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The Case For Strategic Realism: A Response To Lawson

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  • Sandra Harding

Abstract

Tony Lawson makes a compelling case that it is only naive realism that feminist social scientists and philosophers need to avoid, not any and all realist arguments. However, he leaves mysterious, on the one hand, why so many feminists have preferred epistemological to ontological arguments and, on the other hand, why naive realism, which is indeed problematic, can appear to be a good scientific/epistemic strategy. The essay below tries to demystify these phenomena, notes a possible misleading aspect of his use of the term "epistemological relativism", and argues for a somewhat more limited value of the ontological argument he proposes for standpoint epistemologies.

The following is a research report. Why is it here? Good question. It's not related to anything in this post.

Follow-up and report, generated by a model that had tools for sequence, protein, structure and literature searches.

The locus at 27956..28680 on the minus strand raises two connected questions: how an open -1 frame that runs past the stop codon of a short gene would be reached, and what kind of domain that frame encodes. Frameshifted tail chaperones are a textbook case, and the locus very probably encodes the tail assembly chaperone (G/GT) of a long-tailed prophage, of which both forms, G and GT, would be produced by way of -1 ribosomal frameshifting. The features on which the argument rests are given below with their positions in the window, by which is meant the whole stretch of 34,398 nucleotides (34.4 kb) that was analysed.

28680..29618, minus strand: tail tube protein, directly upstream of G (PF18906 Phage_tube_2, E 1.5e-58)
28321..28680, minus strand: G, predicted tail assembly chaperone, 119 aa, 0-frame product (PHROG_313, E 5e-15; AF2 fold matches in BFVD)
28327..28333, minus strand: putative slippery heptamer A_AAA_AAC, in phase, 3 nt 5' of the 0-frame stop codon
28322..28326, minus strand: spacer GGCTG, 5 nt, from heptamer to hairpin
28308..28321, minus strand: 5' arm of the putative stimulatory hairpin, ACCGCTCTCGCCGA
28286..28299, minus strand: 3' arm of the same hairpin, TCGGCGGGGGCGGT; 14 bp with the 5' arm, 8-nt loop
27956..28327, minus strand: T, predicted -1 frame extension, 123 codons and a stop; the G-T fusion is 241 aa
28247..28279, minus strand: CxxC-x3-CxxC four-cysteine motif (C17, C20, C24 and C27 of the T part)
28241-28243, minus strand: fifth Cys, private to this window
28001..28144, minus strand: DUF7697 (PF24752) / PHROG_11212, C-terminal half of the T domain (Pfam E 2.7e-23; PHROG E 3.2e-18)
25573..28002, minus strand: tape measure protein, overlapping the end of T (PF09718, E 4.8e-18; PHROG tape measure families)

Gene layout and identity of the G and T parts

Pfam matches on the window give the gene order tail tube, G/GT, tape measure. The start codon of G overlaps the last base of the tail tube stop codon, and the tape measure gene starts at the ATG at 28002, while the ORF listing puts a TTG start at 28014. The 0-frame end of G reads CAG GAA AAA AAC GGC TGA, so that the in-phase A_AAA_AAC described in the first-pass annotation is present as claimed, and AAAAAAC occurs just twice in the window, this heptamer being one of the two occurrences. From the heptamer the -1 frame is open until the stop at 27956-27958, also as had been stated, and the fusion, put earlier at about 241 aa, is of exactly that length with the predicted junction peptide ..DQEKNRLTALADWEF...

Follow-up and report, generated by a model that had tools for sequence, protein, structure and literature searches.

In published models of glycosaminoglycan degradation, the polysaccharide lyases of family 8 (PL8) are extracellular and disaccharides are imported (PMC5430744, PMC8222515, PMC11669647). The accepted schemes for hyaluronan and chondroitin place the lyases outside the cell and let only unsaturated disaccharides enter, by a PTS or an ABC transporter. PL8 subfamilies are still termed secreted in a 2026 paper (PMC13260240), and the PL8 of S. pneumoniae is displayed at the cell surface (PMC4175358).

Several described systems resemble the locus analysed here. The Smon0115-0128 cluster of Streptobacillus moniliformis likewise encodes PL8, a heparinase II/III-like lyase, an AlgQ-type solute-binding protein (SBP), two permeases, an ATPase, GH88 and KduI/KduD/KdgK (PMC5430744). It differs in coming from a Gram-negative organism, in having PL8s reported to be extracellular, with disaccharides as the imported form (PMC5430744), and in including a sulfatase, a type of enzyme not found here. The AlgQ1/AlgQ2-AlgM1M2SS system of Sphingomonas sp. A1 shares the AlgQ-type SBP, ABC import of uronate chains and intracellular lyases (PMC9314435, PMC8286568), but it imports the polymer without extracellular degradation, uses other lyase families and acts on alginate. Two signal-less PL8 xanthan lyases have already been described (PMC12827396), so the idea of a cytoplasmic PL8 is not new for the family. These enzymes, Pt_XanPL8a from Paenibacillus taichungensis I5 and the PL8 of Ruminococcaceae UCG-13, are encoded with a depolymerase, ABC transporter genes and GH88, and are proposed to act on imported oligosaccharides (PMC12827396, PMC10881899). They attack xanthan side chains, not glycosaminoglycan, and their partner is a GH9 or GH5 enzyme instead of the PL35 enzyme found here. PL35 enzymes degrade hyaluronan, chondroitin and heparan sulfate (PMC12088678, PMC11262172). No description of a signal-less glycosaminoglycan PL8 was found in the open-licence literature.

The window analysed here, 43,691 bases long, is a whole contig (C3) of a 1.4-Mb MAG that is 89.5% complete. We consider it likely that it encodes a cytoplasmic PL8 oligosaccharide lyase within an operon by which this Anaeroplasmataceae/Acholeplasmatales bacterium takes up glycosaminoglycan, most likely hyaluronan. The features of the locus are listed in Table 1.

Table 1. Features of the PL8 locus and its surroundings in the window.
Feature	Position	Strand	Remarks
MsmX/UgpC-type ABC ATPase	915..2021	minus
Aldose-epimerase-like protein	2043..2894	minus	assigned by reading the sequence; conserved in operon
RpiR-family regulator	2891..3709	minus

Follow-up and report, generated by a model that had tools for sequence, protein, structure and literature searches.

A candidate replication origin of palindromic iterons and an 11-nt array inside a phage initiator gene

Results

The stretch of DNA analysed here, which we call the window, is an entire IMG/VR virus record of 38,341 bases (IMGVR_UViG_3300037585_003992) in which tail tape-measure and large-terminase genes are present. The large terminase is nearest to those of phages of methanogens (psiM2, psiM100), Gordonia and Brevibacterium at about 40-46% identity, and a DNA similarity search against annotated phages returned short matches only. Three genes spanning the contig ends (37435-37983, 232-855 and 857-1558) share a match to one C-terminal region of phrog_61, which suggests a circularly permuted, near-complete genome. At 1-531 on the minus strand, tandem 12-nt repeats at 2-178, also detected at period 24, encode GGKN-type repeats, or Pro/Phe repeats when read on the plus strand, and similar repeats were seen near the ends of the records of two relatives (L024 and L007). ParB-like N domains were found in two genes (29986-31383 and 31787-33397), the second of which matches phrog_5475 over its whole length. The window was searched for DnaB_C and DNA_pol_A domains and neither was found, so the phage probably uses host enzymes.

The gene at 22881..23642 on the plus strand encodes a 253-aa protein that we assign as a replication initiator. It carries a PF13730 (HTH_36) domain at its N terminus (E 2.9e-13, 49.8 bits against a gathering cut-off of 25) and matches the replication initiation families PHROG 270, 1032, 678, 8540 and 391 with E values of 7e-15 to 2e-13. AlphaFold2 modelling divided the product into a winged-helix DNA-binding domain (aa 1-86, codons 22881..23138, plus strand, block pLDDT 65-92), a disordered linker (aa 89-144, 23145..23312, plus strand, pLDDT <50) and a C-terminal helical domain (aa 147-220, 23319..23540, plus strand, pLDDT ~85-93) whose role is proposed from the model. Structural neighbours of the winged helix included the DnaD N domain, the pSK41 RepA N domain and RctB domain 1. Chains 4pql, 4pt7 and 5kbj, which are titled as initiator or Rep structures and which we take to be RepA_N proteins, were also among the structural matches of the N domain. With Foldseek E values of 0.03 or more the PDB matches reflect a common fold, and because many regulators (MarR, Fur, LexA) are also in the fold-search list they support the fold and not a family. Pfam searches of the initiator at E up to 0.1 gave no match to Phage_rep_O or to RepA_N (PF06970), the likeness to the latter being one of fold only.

Suggested Citation

  • Sandra Harding, 1999. "The Case For Strategic Realism: A Response To Lawson," Feminist Economics, Taylor & Francis Journals, vol. 5(3), pages 127-133.
  • Handle: RePEc:taf:femeco:v:5:y:1999:i:3:p:127-133
    DOI: 10.1080/135457099337842
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    Cited by:

    1. Wendy Olsen, 2006. "Pluralism, poverty and sharecropping: Cultivating open-mindedness in development studies," Journal of Development Studies, Taylor & Francis Journals, vol. 42(7), pages 1130-1157.

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